Legal Service lawyers constantly assert that no statutory requirement of rent escrowing is needed because we already have judge-made law that provides for rent escrowing now. This argument has only a small basis in fact. To its credit in recent years, the Boston Housing Court has responded to the inequitable outcome of present law by granting rent escrow requests more frequently and providing some landlords with a modicum of protection from receiving no rent at all at the end of a protracted eviction.
Case-by-case rulings, however, vary considerably in the absence of a state standard. Anecdotally speaking, only about 50% of these motions are granted. Most of these motions are granted on the condition that if the tenant fails to pay the rent into escrow as ordered, the court “may” strike the tenant’s jury request that is stalling the trial date. Note the lack of predictability even when such motions are granted.
A search of rent escrow decisions taken from the Housing Courts further verifies that rent escrow requests can be “granted” in ways that fall far short of true escrow. The court, for example, may be very slow to order it. One escrow motion was granted only after the tenant was fully two years behind in her rent and very unlikely to win enough at trial to exceed her debt to the landlord. In another case, the court’s remedy was a contempt citation for not following a court order, but the jury request by the tenant, which greatly delayed the trial, was not struck down.
Filing a contempt – that is, the landlord asks the judge to order the tenant to pay a penalty or even go to jail – is another expensive, time-consuming proceeding that will not necessarily help the landlord get the rent into escrow. Of the court cases reviewed for this article, only one order struck down the tenant’s request for a jury trial automatically, without further landlord action, if the tenant did not comply with the escrow order.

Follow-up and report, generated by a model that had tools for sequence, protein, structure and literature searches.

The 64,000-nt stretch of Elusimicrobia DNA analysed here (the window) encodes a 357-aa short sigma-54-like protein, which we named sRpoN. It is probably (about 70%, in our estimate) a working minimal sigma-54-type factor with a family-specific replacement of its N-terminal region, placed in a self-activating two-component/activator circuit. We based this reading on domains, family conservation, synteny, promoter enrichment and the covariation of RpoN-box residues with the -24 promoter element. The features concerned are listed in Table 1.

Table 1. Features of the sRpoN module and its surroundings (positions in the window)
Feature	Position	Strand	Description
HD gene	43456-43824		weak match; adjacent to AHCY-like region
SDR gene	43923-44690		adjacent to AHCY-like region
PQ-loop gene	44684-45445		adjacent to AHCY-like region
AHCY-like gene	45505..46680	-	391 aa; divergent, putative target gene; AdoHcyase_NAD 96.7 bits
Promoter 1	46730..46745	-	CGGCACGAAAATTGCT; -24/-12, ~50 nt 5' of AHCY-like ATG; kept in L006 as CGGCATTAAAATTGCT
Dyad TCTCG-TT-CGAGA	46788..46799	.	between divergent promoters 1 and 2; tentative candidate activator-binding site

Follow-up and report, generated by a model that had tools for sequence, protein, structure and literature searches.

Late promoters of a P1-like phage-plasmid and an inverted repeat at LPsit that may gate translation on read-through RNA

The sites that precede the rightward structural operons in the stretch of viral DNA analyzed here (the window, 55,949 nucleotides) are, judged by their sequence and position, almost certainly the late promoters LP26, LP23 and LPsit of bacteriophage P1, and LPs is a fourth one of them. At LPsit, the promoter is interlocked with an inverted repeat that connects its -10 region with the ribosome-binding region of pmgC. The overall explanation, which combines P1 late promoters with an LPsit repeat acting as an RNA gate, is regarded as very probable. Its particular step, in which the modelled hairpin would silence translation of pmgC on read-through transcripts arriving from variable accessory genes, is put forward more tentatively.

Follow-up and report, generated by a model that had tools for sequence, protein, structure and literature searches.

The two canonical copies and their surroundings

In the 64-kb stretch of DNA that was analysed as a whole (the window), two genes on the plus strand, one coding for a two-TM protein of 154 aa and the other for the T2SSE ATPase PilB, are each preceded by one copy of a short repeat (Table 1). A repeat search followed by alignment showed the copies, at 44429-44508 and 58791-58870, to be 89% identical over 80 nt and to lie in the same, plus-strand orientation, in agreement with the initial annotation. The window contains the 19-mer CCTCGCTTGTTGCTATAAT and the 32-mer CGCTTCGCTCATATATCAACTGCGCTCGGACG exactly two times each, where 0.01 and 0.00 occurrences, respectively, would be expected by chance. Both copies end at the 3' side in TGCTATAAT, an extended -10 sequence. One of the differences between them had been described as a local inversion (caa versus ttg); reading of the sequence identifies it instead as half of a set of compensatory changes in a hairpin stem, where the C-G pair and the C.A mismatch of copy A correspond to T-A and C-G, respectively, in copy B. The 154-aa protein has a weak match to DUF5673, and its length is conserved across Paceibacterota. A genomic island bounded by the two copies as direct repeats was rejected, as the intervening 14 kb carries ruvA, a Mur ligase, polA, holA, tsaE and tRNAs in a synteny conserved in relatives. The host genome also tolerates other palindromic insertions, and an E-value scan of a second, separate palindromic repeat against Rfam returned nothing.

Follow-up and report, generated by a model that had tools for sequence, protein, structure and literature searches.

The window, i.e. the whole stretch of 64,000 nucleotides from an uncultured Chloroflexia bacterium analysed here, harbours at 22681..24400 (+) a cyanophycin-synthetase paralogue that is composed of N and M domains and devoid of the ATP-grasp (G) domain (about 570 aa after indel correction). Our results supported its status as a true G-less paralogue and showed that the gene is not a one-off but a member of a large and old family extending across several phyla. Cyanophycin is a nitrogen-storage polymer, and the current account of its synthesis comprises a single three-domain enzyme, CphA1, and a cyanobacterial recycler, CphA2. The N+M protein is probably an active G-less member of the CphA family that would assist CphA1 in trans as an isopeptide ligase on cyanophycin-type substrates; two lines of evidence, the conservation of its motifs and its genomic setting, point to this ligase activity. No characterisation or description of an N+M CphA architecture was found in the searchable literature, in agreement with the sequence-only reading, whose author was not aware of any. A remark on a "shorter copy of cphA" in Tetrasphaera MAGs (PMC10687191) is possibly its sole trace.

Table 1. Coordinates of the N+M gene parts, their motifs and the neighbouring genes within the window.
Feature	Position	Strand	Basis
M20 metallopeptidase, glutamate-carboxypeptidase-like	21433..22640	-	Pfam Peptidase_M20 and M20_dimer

It is noteworthy that in District Courts, judges have ordered that the rent continue to be paid directly to the landlord. In one case, the beleaguered landlord was thus relieved of having to exhaust her savings to save her mortgage while the long eviction ground to its ultimate conclusion months after it started.
Housing Court orders, in contrast, never require direct payment to the landlord, no matter the lack of code violations and no matter how long it will take to reach a jury trial. In Housing Court, the expeditious resolution of eviction disputes is not the guiding principle. Thus, landlords get different treatment in different courts on essentially the same facts.
One must ask: If the Housing Courts consider it fair that tenants should be allowed to withhold rent so as to guarantee that they have the landlord’s funds available to pay their anticipated damages from having to live with any alleged code violations, why is it not equally fair to order in all cases that the tenant continue to pay rent into escrow at least until the judge finds that the landlord has violated the tenant’s rights?
The argument that we do not need a mandatory statewide escrow requirement because we already have a judge-made remedy is mostly groundless. The consequences of present-day, case-by-case, judge-based decision-making on escrow requests are insidious, seemingly harmless but in fact quite grave. We do not have true rent escrow in Massachusetts, and it is high time we did.